World War Z
Despite having close to nothing to do with the source material, being only half a disaster movie, having tough to follow, shaky cam action, and bare bones drama with lightly developed characters; World War Z manages to somewhat work. I attribute the majority of that to Brad Pitt cementing the experience with calm confidence and subtle reactions. I don’t know, maybe, I was mesmerized by his flowing, golden hair…but come on, world travelling investigators and are some of the biggest badasses in the world. I bought his protagonist mojo that allowed shit to go to hell around him and his seemingly ability to come out unscathed. This mishmash of a blockbuster has plenty of faults and demands leaps in logic, but it’s brisk, harmless and at least has an exciting globe trotting aspect to it.
The Purge definitely tries to say something. I think maybe about our cultural obsession with violence, maybe our love of revenge, maybe against conservatives and their right to bear arms, or maybe the social class differences between races. I dunno, for everything it wants to stand on a soapbox for, the Purge just delves into home invasion territory. It’s all stuff that has happened before and really doesn’t add anything new, so go ahead and watch Straw Dogs, The Strangers, or Funny Games instead. It has annoying close ups to create tension, asinine decisions by it’s characters, and lame villains to boot. There is a pretty cool scene of Ethan Hawke wasting fools though, so there is that. Instead, let us imagine the possibilities of this premise. I would of loved to see a sort of modern take on the Warriors. A gang having to survive the twelve hours of anarchy through a city of mayhem and obstacles. But alas, we get get a well to do family versus some preppy bastards in masks.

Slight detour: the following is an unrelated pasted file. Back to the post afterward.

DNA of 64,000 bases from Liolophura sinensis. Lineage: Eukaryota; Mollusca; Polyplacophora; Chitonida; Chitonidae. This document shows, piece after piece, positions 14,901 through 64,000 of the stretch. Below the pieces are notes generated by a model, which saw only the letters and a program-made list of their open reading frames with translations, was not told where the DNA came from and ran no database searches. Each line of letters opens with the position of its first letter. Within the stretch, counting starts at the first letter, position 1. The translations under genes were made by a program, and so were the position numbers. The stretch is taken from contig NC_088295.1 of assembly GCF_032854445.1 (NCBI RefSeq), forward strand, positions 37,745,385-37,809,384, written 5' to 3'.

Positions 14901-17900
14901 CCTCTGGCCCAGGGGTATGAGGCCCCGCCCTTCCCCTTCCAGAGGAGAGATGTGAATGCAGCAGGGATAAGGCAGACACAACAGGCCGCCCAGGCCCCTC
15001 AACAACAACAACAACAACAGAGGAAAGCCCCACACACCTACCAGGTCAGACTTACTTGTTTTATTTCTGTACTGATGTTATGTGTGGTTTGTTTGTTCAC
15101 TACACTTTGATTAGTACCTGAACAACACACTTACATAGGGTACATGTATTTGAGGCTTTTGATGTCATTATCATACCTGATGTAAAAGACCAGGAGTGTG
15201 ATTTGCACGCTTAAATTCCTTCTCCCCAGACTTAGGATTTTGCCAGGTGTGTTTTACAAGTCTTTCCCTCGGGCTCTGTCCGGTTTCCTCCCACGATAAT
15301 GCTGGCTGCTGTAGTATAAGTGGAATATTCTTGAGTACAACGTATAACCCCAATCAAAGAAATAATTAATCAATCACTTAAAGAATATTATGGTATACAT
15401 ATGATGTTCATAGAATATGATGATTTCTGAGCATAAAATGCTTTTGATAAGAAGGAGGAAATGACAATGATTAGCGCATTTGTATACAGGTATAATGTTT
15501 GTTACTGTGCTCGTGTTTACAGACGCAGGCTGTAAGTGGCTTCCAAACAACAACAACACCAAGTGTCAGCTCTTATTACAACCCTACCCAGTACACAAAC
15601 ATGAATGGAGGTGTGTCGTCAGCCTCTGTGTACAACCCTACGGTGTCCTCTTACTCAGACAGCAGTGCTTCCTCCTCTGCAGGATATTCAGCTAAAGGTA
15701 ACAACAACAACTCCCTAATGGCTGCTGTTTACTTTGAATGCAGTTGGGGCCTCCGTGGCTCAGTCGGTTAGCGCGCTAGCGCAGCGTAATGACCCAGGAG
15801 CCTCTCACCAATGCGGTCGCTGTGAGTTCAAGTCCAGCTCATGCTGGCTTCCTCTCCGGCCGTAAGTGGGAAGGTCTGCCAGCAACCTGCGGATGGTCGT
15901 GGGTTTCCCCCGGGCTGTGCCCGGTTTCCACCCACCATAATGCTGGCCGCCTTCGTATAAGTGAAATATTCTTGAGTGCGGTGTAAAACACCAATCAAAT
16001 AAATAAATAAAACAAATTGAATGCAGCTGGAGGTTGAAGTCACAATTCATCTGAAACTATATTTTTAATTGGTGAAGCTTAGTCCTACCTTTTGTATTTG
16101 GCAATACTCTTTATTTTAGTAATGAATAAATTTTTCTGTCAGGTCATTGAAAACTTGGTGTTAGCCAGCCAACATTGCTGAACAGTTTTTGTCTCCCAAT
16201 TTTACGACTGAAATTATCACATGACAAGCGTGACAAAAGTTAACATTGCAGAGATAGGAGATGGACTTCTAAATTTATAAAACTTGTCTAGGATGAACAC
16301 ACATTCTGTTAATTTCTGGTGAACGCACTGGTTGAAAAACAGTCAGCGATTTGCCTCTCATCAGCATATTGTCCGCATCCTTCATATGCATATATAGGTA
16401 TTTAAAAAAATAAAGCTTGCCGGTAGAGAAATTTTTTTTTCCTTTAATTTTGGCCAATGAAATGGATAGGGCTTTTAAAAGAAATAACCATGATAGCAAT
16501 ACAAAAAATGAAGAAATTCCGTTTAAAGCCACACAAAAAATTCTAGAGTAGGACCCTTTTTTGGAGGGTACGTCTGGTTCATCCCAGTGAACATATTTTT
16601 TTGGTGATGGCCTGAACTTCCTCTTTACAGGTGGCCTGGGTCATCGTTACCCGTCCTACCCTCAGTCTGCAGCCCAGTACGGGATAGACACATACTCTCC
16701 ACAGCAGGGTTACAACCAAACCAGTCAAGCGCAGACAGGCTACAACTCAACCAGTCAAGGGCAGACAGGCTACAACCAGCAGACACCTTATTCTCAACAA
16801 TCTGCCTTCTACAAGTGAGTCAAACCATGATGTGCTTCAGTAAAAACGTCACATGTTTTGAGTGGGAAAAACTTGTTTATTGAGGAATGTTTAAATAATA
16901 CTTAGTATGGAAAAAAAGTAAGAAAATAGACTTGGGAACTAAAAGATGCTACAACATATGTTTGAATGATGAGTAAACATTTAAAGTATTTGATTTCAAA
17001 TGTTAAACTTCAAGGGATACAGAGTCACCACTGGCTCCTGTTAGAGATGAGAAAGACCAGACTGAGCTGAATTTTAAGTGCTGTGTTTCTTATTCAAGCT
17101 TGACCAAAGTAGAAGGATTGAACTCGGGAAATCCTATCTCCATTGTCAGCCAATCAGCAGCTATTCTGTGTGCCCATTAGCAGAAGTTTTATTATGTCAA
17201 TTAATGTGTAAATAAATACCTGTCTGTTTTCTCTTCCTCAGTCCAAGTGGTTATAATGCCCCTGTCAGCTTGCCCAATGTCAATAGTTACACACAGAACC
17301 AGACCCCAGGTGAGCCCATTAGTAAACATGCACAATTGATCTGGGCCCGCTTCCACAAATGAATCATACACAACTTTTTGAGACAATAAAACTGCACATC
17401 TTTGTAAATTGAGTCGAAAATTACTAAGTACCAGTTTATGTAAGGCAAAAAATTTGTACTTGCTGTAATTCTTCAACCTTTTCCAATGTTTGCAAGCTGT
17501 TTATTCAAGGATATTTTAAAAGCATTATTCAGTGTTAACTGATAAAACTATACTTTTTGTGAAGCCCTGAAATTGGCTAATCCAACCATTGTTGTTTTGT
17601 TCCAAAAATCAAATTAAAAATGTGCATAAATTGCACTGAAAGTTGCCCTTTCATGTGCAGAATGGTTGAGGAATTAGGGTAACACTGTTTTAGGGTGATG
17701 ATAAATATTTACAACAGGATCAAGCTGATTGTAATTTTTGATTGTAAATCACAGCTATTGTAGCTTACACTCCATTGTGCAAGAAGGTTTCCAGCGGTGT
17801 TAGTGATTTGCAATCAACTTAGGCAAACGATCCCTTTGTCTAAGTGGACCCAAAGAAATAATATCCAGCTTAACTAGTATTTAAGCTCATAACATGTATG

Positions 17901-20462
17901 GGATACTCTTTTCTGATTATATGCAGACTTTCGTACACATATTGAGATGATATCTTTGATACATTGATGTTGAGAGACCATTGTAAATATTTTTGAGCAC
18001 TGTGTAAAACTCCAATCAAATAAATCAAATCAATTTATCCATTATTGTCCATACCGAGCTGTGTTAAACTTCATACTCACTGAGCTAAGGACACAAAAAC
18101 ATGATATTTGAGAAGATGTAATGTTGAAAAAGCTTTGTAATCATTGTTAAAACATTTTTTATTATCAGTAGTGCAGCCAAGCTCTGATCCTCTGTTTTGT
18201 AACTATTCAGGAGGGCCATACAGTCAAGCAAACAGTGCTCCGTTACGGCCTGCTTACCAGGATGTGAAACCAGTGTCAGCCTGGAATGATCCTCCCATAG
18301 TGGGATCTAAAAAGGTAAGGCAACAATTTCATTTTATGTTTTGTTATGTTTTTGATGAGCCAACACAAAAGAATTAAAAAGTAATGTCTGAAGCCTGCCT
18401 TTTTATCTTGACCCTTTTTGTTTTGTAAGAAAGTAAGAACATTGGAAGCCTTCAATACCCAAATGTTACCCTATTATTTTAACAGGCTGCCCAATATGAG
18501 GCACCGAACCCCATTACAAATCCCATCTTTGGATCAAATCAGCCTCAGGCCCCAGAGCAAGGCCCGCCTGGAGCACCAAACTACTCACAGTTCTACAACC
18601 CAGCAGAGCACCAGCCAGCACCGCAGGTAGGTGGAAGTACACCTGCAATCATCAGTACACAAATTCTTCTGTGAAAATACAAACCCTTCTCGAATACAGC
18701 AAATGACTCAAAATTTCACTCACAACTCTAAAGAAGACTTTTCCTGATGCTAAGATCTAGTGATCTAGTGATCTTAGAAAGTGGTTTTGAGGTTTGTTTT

Horror anthologies were a very minuscule but memorable part of my younger years. Always on network television and edited, but I was green enough to be scared by the visuals. Be it The Twilight Zone movie, Tales From the Darkside, Trilogy of Terror or Creepshow, they were never great, but always had a notable segment. VHS 2, also has a standout among the four shorts, which would be Gareth Evan’s Safe Haven. A tale about an Indonesian cult that are engineering the end of times, utilizes the most of it’s short minutes to great effect. It escalates to an unbelievable orgy of blood and ridiculousness, but still manages to be unnerving in it’s imagery. The rest of the movie really felt amateurish though. I appreciate the effort, but the abundance of bad acting and shock value for just shock value just turned me off to the majority of the experience.